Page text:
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Sub-contractor fined for safety failings at Devonport Royal Dockyard

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A submarine maintenance company has been fined after a labourer crushed his hand while working on a submarine refit project at Devonport Dockyard in Plymouth.

The 19 year-old worker had to have plates inserted to repair broken bones after his right hand was drawn into the rotating bar of a drum rolling machine whilst working for Thales Underwater Systems on 22 April 2012.

Plymouth Crown Court heard today (17 May) that the labourer had been working on the exterior of a submarine prior to the incident. He slipped on a wet floor and as he put his hands out to break his fall his gloved hand was drawn into a rotating bar of the drum roller, which was used to agitate contents of drums prior to mixing and dispensing of chemicals. He was hospitalised for three days for emergency treatment.

An investigation by the Health and Safety Executive (HSE), which brought today's prosecution, found that the metal fixed guard had been removed from the machine - a regular occurrence to enable the drum to be rolled with a valve already inserted to allow transfer of the drum content to the mixing equipment.

HSE established that Thales Underwater Systems Ltd did not conduct any risk assessments in relation to the operation of the machine, and that the company failed to prevent access to dangerous parts of machinery by allowing removal of the fixed guarding.

Thales Underwater Systems, of The Bourne Business Park in Addlestone, Surrey, was fined a total of £50,000 and ordered to pay £15,236 in costs after pleading guilty to single breaches of the Management of Health and Safety at Work Regulations 1999 and the Provision and Use of Work Equipment Regulations 1998.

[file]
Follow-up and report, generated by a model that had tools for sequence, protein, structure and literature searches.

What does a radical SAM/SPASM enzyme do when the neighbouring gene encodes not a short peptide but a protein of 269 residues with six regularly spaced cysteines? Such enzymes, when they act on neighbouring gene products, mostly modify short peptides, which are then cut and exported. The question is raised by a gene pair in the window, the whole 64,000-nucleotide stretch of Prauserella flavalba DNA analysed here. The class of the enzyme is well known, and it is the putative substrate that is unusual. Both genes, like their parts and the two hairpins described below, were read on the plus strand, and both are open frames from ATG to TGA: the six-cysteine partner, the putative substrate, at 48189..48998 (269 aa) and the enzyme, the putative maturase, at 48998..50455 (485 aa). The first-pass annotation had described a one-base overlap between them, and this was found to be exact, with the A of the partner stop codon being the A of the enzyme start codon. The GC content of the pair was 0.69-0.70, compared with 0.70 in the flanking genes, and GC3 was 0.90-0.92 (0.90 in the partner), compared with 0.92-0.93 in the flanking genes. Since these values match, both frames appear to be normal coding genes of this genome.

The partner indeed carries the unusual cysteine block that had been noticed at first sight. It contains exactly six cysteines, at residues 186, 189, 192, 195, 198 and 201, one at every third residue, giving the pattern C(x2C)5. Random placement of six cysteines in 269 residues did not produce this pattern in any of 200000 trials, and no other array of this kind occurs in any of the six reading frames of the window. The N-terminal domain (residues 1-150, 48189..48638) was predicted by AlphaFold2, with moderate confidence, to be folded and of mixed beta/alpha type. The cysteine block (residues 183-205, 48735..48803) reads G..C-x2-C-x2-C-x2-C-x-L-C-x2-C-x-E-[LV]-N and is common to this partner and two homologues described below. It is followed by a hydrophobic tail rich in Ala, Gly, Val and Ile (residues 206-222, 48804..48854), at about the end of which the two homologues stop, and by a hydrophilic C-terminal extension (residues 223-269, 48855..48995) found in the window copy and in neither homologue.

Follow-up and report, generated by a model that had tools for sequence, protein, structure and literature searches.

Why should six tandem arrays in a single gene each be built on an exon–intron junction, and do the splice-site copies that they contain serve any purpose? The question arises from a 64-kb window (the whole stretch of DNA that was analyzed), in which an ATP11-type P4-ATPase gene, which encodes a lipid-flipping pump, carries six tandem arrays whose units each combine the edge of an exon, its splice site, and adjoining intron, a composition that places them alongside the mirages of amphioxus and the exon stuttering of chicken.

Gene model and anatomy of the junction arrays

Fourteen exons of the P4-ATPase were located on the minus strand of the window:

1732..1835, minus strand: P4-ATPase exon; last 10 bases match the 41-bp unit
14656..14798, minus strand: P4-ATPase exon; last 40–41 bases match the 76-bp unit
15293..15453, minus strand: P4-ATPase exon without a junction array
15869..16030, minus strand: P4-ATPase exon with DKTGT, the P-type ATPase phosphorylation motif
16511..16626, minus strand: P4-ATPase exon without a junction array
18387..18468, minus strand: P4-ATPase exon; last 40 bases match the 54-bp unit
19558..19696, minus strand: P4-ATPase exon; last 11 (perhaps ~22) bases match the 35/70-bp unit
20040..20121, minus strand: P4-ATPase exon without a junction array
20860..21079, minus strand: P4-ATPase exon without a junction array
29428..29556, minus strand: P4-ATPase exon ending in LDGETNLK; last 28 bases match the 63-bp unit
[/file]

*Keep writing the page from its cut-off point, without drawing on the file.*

Speaking after the hearing, HSE Inspector Georgina Speake said:

"This incident could have been prevented had the guard not be removed from the drum roller. Thales Underwater Systems clearly failed to ensure the safety of its employees, with painful consequences for the injured worker.

"The law clearly states that employers should take all reasonably practicable steps to protect employees from harm arising from their work. In the case of machinery, moving parts that could cause injury should be guarded or made safe so that people cannot come into contact with them."

 

Date 17th May 2013

Acknowledgement: HSE Website

CAUGHT ON CAMERA!

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The Street, The Town, February 2013

Acknowledgement: Kind thanks to ‘Google’  for use of this image

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CAUGHT ON CAMERA!

Bad Practice

The Street, The Town, February 2013

 

Acknowledgement: Kind thanks to ‘Google’  for use of this image

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Reporting of Injuries, Diseases and Dangerous Occurrences Regulations 1995 (RIDDOR) Change – 6 April 2012

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As of 6 April 2012, RIDDOR’s over-three-day injury reporting requirement has changed. The trigger point has increased from over three days’ to over seven days’ incapacitation (not counting the day on which the accident happened).

Incapacitation means that the worker is absent or is unable to do work that they would reasonably be expected to do as part of their normal work.

Employers and others with responsibilities under RIDDOR must still keep a record of all over-three day-injuries – if the employer has to keep an accident book, then this record will be enough.

The deadline by which the over-seven-day injury must be reported has also increased to fifteen days from the day of the accident.

A new leaflet Reporting accidents and incidents at work explains the change.

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